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Isers Act of Reading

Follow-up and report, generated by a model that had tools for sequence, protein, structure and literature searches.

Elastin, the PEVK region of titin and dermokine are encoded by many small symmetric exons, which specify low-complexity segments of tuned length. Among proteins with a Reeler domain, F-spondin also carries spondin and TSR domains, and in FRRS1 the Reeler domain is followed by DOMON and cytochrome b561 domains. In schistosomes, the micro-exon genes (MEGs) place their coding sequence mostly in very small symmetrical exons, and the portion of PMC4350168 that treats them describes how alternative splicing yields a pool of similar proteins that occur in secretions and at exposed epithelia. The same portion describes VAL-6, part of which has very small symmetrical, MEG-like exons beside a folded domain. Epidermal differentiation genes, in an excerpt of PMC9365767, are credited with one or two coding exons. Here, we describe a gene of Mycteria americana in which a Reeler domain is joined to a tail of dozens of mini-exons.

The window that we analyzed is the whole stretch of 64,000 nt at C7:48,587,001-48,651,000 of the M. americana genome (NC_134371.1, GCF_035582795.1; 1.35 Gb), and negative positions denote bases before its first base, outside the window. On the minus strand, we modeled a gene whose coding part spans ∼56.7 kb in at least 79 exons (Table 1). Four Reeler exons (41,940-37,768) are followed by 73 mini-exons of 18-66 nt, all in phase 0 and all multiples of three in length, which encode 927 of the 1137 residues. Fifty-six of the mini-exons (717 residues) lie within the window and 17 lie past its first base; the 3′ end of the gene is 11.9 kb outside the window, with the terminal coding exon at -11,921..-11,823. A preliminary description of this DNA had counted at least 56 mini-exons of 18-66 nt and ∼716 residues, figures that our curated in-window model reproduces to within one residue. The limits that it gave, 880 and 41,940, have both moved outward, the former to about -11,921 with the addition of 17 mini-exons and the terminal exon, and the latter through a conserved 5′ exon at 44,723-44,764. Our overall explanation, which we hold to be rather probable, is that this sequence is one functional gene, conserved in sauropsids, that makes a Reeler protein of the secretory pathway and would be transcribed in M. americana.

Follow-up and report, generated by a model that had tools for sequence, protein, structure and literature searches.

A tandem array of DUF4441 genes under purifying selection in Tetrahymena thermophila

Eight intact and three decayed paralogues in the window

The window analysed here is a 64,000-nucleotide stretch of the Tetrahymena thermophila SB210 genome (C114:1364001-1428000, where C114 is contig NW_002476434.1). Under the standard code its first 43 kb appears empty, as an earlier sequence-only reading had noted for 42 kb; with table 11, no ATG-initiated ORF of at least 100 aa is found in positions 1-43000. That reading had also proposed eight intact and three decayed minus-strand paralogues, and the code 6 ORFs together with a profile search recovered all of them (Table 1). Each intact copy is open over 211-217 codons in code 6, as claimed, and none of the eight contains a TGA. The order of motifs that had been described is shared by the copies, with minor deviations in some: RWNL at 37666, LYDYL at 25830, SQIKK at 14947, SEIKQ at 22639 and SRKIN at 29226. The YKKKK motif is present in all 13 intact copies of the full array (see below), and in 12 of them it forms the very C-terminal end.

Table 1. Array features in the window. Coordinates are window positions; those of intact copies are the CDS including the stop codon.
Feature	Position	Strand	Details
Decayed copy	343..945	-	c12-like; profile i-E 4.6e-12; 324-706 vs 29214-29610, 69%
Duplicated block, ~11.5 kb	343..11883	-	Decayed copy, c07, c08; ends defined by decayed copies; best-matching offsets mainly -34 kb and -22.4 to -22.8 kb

Critiquing a Critique: Wolfgang Iser’s The Act of Reading Texts on critical theory present an interesting challenge when one sits down to critique or review them. The purpose of these texts is to persuade the reader that all texts should be read and critiqued in the manner described within its pages. The process of evaluating such a book based on criteria that the reader has already established is made much more difficult by the fact that the focus of the book is to explain, in the majority of the cases, why the criteria being used is inferior to what the book itself recommends. How then, does one approach the problem that surrounds critiquing an instructional text on how to critique?The simplest way to approach the dilemma is to establish whether or not the points made by the author are valid, regardless of whether or not the reader agrees enough with the other to adopt his style of criticism. In this particular case, the author, Wolfgang Iser, is attempting to convince his readers that an approach he calls “aesthetic response” is the proper way to read and critique texts. Iser claims that his style is universal and can be applied to virtually all forms of writing. For this to be true, then one of the books written by Iser to help describe the process, The Act of Reading, should be able to validate his aesthetic response theory once it is read and critiqued by the manner described within the theory itself. Interestingly enough, the style of Iser’s book and the approach the author takes in explaining his theory to his readers run completely counter to the ideals of his theory.Iser’s aesthetic response theory contains is based on several points. First, the purpose of the reader is not to attempt to discover the single, hidden meaning within a text. The author backs up his position by providing this explanation:…If the critic’s revelation of the meaning is a loss to the author̷...

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